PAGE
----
By Peter Laird, MD
The major concern voiced about the renal bundle prior to implementation was withholding needed medications to maintain basic vital processes. The renal bundle is largely due to the abuse of EPO for the maintenance of hemoglobin levels in dialysis patients. Erythropoietin comes from health renal tissues that are absent in the majority of patients on hemodialysis with the exception of many with polycystic kidney disease. Under the renal bundle, EPO went from a separately billable income generator to a cost center for dialysis centers.
In the latest USRDS report noted by Gary Peterson on RenalWeb, blood transfusions increased throughout the industry, but the greatest increase is among patients at DaVita, a for-profit dialysis company.
"Since adoption of the bundled payment system, the number of transfusion events has increased, reaching 24 percent by September, 2011. Some providers are associated with a significant increase in transfusion rates over the one-year time period (the rate increased 46 percent in DaVita units), while others show minimal changes (4 and 7 percent in Fresenius and hospital-based units, respectively)."
Looking at further indicators of why DaVita has such an outrageous transfusion rate, one of the answers to that issue is not only in the 37% reduction of EPO use, but much more in their concomitant severe reduction of IV iron products by a factor of 42%.
Tracing the history of EPO abuse at DaVita leading to the moniker, the King of EPO, their gratuitous allegiance to profiteering, now evidenced by the 46% increased transfusion rate is nothing short of a shocking indictment of this company and their business plan. We all understood that the renal bundle would dramatically lower the usage of EPO, but the majority of practitioners expected an increased usage of IV iron products to maintain quality of life in dialysis patients.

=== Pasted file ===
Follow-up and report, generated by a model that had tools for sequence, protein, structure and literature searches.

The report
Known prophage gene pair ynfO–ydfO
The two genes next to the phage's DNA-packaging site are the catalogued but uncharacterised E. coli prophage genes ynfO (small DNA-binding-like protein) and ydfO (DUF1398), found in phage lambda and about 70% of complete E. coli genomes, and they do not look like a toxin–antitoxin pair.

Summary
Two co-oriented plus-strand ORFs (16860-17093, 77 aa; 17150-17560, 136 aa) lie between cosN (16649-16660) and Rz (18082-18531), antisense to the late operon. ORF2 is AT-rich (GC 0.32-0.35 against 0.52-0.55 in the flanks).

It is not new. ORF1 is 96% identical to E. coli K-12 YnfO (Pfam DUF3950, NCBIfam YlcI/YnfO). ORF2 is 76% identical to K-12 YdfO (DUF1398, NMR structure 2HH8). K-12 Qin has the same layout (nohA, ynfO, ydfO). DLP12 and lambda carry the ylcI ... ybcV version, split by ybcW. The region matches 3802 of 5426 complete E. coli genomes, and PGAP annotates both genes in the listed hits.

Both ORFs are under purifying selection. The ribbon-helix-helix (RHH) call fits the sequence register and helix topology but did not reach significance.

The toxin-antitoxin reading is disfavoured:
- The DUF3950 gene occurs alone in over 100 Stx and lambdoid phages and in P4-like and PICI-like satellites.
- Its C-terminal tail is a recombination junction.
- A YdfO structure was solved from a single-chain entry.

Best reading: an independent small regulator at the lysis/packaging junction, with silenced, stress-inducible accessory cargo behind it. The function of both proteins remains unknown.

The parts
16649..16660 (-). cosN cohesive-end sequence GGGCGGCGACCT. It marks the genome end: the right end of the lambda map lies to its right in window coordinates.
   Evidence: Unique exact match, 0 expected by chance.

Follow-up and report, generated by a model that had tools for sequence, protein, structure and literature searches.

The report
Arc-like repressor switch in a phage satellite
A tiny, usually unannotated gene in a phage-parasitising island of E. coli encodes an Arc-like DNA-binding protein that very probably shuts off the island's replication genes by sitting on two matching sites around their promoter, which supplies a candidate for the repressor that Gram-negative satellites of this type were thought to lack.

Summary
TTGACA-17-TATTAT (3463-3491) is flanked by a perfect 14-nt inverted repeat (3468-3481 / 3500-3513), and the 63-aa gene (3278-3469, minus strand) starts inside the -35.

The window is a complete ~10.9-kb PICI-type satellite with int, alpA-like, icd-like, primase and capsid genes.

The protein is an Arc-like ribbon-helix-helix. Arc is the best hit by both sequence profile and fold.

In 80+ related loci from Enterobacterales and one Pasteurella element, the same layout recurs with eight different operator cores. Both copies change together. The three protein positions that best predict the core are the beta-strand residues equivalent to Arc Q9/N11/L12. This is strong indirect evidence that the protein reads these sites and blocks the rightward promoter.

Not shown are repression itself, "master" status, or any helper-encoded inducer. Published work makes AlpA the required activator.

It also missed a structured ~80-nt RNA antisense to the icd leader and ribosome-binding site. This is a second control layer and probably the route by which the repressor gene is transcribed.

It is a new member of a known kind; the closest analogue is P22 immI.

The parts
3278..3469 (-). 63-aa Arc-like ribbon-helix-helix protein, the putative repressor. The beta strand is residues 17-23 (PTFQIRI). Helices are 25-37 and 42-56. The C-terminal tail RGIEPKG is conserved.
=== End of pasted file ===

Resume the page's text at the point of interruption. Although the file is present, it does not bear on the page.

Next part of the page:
Scott Rasgon at Kaiser Sunset maintained stable Hb levels with simple over the counter Vitamin D-3 supplementation while greatly reducing EPO usage. I have been fortunate to maintain my Hb levels with IV iron supplementation for nearly six years of dialysis to date. Patients understand well the quality of life issues associated with higher Hb levels. Sadly, there are absolutely no studies comparing the risk and benefits of EPO to the risk and benefits of transfusions.
Since transfusions are no longer allowed in many free standing dialysis units, hospitals and third party insurance companies pick up the tab on most of the transfusions that DaVita generated since implementing the bundle. This may make great business sense for DaVita generating further profits for their investors, but it makes no sense at all for the dialysis patients suffering with such severe anemia that they need such a large number of transfusions. As a practicing physician, I readily understood the risks of blood transfusions not the least of which is the risk of transmissible agents such as hepatitis and HIV. It was my goal to minimize the need for transfusions whenever possible.
Alan Nissenson has promoted the benefits of the DaVita model securing high quality of care as their model. In this instance, I must challenge their allegations of high quality care when they not only severely reduced EPO usage, but also withheld IV iron which is an effective and safe alternative and adjunctive therapy for renal associated anemia. I am sure that this has greatly increased DaVita profits, but at what expense to their patients.